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November 14, 2004

Idle Animation

Kelly's school was closed for Veteran's Day (and Friday too, for teacher conferences). I knew about this last weekend, so last Sunday Kelly and I made a field trip to buy a game. We started by looking for something educational, but couldn't find what she wanted, so we ended up getting Pokemon Colosseum, a game that's been on her Christmas list since it came out. Kelly's got limits on how much television and video game time she can burn in one day, but we lifted it for the two-day school vacation.

Now Kelly plays games pretty intensely. Without a brake on her involvement, she'll play for hours at a stretch. Too much of this is not a good thing, and she eventually becomes grumpy. Two days of this isn't really enough to bring out the brat, but it does bring out the zombie:

"Kelly, are you hungry for lunch?"

... silence ...

"Kelly!"

... "uh huh? Um, what did you say?" ...

"Are you hungry for lunch?"

... "okay" ...

I won't belabor the point, this goes on for awhile unless we step in front of the television, which we do. Now for a little seque, which will seem pointless, at first, but bear with me.

Many video games, action, adventure, platform, whatever, give you a chance to breath when your character is in 'safe' areas, i.e. places where there's no action or goal as yet. Save rooms in Resident Evil come to mind. This comes in handy if you've been locked in battle for an hour, unable to stop without losing your progress, and your bladder is just about to burst (I'm talking to you, Final Fantasy X).

Step away from the game controller long enough, and your character will begin to move on his own. He'll reach up and scratch his head, look around impatiently, tap his foot. Sometimes he'll even make rude remarks. I've even had games where the character will break the fourth wall and call out to me, "hey, I'm ready to go here!"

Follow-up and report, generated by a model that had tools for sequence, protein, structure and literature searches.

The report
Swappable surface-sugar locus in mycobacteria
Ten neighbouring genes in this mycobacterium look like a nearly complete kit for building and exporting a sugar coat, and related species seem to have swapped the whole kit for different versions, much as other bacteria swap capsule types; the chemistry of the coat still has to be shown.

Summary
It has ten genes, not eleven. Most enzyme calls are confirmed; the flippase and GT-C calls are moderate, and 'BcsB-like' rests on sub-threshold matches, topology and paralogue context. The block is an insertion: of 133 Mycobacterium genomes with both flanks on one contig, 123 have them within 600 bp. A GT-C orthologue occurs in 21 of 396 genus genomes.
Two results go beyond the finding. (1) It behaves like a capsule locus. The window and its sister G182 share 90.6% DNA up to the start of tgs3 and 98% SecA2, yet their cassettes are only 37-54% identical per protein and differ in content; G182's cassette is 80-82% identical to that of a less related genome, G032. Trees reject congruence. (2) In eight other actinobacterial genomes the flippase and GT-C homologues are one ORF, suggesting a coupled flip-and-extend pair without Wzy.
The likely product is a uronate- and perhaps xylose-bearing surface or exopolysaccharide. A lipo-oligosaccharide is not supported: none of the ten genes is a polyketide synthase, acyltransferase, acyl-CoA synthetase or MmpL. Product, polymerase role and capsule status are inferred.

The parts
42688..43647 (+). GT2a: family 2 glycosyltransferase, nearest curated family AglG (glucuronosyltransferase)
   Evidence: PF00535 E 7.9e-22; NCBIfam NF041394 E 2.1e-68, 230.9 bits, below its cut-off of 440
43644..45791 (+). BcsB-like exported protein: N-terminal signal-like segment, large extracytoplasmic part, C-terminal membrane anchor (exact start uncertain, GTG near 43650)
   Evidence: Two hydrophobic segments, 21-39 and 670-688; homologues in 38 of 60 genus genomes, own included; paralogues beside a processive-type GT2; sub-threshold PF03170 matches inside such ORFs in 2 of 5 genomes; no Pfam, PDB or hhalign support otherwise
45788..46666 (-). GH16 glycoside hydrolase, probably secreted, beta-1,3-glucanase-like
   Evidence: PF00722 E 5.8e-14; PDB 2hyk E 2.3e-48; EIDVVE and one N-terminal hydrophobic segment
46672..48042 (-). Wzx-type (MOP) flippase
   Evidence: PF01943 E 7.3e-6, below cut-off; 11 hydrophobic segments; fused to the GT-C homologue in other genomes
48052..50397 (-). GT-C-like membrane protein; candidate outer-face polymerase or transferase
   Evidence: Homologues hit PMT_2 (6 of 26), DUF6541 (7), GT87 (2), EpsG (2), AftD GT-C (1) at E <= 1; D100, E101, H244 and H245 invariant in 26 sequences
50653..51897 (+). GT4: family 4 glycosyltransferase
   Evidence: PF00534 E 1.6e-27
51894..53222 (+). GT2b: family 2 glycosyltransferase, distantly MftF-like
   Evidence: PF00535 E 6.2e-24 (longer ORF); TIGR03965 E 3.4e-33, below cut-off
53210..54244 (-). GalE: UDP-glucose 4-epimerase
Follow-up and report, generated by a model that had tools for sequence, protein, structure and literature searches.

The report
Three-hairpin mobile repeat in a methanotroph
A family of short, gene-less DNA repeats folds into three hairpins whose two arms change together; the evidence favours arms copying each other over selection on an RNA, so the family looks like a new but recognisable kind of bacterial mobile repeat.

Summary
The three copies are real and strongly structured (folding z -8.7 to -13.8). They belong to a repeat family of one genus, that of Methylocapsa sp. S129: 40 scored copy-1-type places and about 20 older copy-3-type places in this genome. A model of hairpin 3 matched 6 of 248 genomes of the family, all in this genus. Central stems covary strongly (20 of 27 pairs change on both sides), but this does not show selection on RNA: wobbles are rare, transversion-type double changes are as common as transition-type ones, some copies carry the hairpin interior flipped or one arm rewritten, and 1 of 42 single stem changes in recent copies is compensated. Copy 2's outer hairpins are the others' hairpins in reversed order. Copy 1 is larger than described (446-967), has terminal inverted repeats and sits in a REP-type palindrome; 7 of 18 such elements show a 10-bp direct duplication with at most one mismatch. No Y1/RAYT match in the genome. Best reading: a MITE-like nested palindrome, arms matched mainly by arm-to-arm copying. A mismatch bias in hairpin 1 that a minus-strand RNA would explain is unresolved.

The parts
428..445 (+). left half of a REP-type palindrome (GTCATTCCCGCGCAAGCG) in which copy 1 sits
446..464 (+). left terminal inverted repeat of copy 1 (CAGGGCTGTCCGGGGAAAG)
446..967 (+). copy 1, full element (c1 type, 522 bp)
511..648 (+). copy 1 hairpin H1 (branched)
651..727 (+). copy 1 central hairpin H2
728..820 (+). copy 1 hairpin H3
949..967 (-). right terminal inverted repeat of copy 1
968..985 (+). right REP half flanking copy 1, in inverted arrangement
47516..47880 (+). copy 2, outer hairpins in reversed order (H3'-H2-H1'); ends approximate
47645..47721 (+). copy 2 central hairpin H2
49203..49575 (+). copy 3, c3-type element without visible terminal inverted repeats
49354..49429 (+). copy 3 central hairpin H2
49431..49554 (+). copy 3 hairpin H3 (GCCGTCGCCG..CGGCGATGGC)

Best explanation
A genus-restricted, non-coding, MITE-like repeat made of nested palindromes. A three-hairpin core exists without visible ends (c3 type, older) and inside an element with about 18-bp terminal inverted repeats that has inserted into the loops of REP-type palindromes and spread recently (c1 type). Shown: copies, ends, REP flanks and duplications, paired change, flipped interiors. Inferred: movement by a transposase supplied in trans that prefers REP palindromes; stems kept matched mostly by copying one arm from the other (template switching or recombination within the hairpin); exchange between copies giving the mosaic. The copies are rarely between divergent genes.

In Pokemon Colosseum, there is nothing so overt. The 'idle animation' looks a lot like the active animation, but stands out when you're not controlling the characters. This is because no normal person displays idleness by bouncing gently on their knees while matching tempo with their crooked elbows. That is, they push their elbows back just a little bit as they lower themselves, then straighten knees and elbows to stand upright.

Ready for the end of our seque? Good. I'd been watching this activity on the screen for awhile as I waited for Kelly to surface enough to talk about lunch, when it twigged. Without saying another word, I positioned myself so I was in Kelly's field of vision. Not in front of the television, just where she could see me. Then I began imitating the idle animation of her characters. Saying nothing, looking straight ahead, rocking on my knees, crooking my elbows.

Maybe half a minute passed, then Kelly looked up. At first she looked puzzled, then, as she had stopped running her characters, they went into their idle animation. She looked at the screen, then at me, then jumped up and tackled me.

I've been having fun the entire rest of the weekend tweaking her. Whenever she makes me wait, I go into my idle animation. Then she stops whatever she's doing and chases me. Too amusing.

Posted by dpwakefield at November 14, 2004 08:34 AM